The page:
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  • Know What Your Baby Is Trying to Say Even If He Can't Talk Yet

    It's a form of communication you and your child can engage in while before he's even 1 year old
    by Jillianne E. Castillo .
Know What Your Baby Is Trying to Say Even If He Can't Talk Yet
PHOTO BY ingkham/iStock
  • Crying is a baby's way of telling mom or dad that she's hungry, sleepy, or uncomfortable. Unfortunately, there's a lot of guess work involved in this and a common source of a parent's frustration especially when it's 2 in the morning. If your baby's cries are making you tear your hair out, have you ever thought of baby sign language?  

    Baby sign language is for hearing children, and it's a form of communication that you and your child can engage in while she hasn't learned to talk yet. During the "Smart Parenting Convention" held last July 30, Sharon Agoncillo-Galang, certified instructor of the Baby Signs Program and the managing director of Baby Signs Philippines, had talked to SP moms about the benefits of baby sign language and how to do it at home. 

    What is baby sign language
    You may not have realized it, but you’ve already taught your child a few sign gestures. “As Pinoys, we teach and play ‘close open’ with our babies. Then there’s ‘A line’ when they’re a little older, and ‘apir’ later on. Why not expand your signing vocabulary in such a way that’s relevant to the parent and baby’s everyday routines?” said Agoncillo-Galang. 

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    There's a designated sign for a specific word in baby sign language. The first signs Agoncillo-Galang recommends introducing to a child is “mommy,” “daddy,” and “milk.” (Click on the words to see how to act them out.) These words are used a lot in everyday interactions with your baby after all. Because these are also likely to be your baby’s first words, these are also the first signs your baby will stop using when she starts talking. 

    As an example of how baby sign language works for both parent and child, Agoncillo-Galang shared a simple story. When her daughter was 8 months old, the mom said, she could already sign a few words including “milk.” So, when the little one would wake up and cry in the middle of the night, mom and dad already knew what their baby wanted. They would see her doing the sign for “milk” and be able to soothe her right away. “Wala nang guesswork na nangyayari, so it's easier,” she said. 

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    Benefits of baby sign language
    One major benefit of baby sign language is that it decreases a child’s frustration when she’s unable to tell mom or dad what she wants. Celebrity mom Bianca Gonzales shared that this is her 21-month-old daughter Lucia’s common cause of tantrums. “Kapag ayaw kumain, ayan na, mag-aarte siya. I think part of it is she can’t really talk yet and can’t express herself, so she gets frustrated” the mom told Smart Parenting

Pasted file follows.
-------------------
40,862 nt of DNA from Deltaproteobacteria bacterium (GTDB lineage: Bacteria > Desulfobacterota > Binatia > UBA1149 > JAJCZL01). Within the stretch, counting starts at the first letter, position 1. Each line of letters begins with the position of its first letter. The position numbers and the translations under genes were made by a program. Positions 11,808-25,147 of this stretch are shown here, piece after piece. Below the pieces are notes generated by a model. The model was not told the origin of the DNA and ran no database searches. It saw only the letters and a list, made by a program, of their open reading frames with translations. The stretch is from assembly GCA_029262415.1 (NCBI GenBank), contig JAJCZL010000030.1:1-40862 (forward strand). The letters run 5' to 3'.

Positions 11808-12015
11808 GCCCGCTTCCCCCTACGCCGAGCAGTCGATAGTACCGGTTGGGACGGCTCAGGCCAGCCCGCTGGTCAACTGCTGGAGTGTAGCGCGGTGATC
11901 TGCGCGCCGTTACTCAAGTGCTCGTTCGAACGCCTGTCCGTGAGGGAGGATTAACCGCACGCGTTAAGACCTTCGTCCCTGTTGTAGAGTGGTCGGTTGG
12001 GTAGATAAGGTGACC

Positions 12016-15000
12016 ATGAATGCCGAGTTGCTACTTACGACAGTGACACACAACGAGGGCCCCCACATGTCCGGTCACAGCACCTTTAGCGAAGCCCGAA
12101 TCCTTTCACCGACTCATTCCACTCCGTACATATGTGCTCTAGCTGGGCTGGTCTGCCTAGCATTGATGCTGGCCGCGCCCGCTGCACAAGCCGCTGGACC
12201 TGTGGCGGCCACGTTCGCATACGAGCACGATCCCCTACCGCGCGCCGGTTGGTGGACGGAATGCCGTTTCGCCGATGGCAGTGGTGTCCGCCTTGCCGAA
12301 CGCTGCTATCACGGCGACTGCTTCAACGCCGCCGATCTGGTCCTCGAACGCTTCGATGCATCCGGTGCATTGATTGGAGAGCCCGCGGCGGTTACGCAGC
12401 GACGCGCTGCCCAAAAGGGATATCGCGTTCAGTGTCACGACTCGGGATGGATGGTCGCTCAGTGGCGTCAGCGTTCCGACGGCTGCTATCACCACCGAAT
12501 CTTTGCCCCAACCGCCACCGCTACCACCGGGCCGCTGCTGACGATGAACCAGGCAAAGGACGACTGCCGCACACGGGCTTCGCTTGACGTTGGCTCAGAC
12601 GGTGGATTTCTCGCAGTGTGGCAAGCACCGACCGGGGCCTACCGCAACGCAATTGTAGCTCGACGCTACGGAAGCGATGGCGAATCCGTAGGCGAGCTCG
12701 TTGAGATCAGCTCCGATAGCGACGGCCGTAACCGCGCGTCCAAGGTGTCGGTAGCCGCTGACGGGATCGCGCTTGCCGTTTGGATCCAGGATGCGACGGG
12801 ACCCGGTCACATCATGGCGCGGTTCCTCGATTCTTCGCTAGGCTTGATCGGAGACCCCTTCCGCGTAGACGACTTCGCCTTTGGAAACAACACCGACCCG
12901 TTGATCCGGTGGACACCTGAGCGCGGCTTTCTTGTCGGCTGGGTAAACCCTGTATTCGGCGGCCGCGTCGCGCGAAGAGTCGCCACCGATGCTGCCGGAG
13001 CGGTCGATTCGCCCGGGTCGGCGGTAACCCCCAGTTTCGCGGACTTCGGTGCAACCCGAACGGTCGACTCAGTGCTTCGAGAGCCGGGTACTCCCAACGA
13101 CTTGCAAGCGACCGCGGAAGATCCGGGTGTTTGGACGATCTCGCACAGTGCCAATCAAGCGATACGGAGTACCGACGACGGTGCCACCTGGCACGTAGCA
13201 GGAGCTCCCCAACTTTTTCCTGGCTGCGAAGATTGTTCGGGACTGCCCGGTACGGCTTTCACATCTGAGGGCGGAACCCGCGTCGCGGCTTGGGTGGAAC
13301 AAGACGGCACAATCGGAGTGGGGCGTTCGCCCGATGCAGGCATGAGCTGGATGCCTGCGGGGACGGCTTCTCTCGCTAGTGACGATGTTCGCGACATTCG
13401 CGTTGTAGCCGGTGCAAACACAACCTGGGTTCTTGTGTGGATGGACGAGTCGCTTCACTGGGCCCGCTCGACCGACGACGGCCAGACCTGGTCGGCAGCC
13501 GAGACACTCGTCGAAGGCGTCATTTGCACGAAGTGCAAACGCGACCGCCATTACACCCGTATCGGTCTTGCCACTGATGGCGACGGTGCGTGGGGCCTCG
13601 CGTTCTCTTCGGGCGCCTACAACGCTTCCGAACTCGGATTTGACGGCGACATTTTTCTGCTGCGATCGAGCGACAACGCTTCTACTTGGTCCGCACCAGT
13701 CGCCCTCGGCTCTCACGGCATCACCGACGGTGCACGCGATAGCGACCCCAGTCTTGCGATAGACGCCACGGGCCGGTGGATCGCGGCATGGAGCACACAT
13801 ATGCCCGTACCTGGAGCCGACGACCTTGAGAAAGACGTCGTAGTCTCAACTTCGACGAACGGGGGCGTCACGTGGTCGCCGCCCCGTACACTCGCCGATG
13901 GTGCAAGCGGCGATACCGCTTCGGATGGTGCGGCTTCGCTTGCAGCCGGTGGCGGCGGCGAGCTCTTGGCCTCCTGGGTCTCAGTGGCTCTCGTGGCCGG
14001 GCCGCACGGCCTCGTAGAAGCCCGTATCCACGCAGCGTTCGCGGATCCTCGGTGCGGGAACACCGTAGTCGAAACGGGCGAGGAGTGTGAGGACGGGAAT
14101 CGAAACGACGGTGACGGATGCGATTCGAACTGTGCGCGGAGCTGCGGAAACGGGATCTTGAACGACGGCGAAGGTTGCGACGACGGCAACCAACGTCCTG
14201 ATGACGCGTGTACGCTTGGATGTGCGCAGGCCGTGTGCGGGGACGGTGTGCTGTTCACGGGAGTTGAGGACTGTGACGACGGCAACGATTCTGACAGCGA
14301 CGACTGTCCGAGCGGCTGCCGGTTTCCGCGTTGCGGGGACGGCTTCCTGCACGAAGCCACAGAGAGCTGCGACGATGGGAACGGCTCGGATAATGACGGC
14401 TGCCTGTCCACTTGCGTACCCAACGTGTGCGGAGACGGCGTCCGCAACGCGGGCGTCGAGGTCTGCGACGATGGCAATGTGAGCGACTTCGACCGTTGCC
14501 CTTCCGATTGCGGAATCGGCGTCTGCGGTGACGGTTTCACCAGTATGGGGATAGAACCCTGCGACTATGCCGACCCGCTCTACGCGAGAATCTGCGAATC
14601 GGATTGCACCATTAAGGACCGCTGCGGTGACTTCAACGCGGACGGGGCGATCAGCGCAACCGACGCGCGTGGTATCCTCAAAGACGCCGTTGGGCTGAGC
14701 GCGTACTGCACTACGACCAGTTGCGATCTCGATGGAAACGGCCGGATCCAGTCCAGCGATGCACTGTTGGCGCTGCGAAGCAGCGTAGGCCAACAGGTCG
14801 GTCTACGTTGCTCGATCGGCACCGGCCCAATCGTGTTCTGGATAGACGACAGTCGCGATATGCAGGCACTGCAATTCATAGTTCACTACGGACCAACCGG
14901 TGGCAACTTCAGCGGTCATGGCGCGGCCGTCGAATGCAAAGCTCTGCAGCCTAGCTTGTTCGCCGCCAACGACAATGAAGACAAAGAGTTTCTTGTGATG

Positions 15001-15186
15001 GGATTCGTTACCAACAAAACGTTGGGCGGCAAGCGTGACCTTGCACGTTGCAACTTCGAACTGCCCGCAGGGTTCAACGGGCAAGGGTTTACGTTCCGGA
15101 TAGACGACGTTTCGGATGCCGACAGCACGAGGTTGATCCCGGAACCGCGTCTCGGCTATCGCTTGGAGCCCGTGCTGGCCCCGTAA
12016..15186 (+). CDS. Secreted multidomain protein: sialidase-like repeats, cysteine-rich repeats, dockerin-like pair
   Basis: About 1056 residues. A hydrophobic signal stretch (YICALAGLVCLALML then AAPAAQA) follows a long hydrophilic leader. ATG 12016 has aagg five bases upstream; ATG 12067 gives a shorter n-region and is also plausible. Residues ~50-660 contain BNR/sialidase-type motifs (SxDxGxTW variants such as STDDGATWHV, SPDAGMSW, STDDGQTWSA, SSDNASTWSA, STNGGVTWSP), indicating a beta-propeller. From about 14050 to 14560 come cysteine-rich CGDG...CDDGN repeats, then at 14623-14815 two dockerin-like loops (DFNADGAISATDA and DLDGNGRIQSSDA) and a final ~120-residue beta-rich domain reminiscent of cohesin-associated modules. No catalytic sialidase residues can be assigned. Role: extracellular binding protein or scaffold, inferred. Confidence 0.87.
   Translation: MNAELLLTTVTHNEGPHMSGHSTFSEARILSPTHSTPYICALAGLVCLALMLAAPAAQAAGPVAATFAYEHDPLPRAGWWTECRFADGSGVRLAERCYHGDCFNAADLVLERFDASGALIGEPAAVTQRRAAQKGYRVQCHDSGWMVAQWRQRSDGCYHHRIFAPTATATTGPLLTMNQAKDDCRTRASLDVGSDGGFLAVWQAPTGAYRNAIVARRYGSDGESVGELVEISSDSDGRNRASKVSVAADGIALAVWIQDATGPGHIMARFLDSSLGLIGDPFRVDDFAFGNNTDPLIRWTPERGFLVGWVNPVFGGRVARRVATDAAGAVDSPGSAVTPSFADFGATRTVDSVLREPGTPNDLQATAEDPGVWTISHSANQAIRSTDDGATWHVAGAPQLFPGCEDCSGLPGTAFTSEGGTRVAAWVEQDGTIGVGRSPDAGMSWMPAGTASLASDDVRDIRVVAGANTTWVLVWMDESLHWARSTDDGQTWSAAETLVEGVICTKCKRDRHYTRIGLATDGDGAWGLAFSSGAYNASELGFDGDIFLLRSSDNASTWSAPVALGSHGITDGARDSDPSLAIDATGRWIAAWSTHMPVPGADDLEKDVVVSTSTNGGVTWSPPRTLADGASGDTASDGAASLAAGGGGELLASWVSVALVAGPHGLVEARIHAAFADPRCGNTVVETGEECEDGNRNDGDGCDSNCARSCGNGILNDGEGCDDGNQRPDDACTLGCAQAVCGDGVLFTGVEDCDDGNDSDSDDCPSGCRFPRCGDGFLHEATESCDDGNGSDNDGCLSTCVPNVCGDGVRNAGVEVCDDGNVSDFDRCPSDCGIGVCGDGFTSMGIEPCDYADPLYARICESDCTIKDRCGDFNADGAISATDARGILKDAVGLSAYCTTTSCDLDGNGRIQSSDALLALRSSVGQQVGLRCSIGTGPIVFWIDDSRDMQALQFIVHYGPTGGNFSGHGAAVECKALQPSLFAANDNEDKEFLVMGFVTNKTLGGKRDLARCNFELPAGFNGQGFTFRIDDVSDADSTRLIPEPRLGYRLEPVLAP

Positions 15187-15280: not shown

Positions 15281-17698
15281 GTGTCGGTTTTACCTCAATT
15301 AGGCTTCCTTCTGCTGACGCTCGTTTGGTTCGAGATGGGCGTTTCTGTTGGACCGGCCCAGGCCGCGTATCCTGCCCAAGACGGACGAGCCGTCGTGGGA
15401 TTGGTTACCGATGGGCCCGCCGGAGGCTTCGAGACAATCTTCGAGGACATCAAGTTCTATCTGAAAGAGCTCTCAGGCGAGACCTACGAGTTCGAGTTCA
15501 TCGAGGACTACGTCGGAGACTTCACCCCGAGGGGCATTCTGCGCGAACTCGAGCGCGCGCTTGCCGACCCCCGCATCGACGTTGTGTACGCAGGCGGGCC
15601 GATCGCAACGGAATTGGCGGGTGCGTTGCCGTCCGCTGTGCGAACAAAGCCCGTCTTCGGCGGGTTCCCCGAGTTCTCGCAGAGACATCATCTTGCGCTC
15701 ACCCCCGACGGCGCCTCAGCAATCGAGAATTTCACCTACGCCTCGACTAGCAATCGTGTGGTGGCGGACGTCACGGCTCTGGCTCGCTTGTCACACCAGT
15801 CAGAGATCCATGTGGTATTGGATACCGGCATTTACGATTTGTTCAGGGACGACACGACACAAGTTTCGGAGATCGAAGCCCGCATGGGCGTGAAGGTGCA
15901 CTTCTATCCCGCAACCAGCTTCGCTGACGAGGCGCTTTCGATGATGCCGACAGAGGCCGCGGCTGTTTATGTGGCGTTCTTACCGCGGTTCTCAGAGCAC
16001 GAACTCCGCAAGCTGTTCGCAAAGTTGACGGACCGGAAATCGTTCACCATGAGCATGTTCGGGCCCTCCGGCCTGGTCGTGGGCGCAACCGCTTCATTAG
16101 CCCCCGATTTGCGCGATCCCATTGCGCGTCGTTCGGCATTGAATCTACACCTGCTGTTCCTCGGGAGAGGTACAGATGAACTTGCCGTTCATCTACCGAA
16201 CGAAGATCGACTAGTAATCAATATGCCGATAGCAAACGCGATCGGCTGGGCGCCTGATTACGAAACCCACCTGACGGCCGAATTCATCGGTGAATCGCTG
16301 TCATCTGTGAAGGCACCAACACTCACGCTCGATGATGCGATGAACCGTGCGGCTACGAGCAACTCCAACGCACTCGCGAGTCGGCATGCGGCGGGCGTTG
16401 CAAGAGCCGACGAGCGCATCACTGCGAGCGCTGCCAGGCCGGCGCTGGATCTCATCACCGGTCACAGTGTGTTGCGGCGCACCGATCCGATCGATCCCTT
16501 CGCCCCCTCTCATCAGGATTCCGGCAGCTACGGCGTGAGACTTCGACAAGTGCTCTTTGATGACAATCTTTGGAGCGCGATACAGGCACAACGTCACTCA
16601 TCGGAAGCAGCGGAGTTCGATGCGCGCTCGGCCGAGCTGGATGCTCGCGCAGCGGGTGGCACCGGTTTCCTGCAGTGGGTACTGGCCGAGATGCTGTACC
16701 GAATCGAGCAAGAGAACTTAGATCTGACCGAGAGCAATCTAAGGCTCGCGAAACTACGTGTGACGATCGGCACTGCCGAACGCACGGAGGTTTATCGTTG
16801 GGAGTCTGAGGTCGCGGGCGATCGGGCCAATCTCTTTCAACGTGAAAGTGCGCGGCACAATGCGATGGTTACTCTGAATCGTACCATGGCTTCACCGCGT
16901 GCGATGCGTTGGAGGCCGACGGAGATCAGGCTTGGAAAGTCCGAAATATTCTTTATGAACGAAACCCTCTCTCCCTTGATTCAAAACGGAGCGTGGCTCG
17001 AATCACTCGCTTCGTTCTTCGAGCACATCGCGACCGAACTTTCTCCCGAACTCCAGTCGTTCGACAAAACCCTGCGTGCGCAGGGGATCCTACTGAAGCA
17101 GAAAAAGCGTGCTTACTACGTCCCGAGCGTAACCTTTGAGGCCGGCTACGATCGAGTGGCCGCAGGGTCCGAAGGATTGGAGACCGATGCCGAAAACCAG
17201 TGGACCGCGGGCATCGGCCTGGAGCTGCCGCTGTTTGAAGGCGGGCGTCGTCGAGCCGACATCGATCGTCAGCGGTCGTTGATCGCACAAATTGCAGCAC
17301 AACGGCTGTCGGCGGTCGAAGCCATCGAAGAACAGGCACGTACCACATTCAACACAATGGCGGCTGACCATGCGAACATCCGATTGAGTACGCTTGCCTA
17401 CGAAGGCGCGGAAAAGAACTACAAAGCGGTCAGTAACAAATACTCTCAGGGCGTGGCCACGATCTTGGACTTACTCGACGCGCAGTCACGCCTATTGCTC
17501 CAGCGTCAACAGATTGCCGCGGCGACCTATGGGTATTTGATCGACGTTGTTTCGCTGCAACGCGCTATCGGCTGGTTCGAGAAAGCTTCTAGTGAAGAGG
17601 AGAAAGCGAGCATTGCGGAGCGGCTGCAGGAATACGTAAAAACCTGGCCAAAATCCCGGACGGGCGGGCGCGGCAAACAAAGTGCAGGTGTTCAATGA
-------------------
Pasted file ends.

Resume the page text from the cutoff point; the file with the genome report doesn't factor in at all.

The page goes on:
“She says a few words pero not like sentences, not phrases. She communicates through just one word, or she points, or signs in her way. It’s hard sometimes; we have to figure it out,” Bianca added. With baby sign language, you and your child can have your way of talking with each other that both of you will understand.

    Baby sign language can also boost verbal language development, said Agoncillo-Galang. “With only one sign, you can teach child kid many, many words. Remember, when you do signing you also speak to your child. So, when you start communicating with your kid like “Gutom na ang baby ko?” with matching sign for “hungry” and dami-dami mong sinabi.” 

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    How to do baby sign language
    Baby sign language makes uses of signs based on American Sign Language, said Agoncillo-Galang. You can find the sign for a lot of words at SigningSavvy.com. But she also shared that parents are free to make up their signs if they like. 

    For “very good” or “good job” for example, you can choose to do the thumbs-up gesture or the “a-ok” gesture -- whatever works for you and baby. “What is important is nagkakaintindihan kayo because eventually, the child will talk,” said Agoncillo-Galang. 

    Remember, when you sign to your child, you also have to emphasize the word you’re signing with your voice and facial expression. For example, when signing “thank you,” say the words clearly and smile as well. Use the sign whenever you use the word, so your child will catch on faster. (Example: “Thank you. Thank you for sharing with me, anak.”)

    When your child does learn the sign for a word, like for “poop” (Example: “Did you poop? Nag-poop ka ba?”), but does it a little differently than how you would, don’t insist on your way, said Agoncillo-Galang. Follow how your child signs it. 

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    According to BabyCenter, parents can start signing a few words to their babies at 6 months old. Be patient though as your baby may not be able to sign back until she’s around 8 or 9 months old when she’s developed enough hand control. 

    You start with the simple signs, and then you progress as your child grows, said Agoncillo-Galang. Signs you can introduce first include “food,” “all gone,” “drink,” “play,” “lolo” and “lola.” Next, you can go with signs that have to do with manners like “please,” “sorry,” and “thank you.”

    If you have pets, the sign for “dog” and “cat” can be fun for children when accompanied by animal sounds, said Agoncillo-Galang. “When you see your child doing the sign for dog, alam mong hinahanap niya yung pet niyo.”

    Have fun talking and signing!

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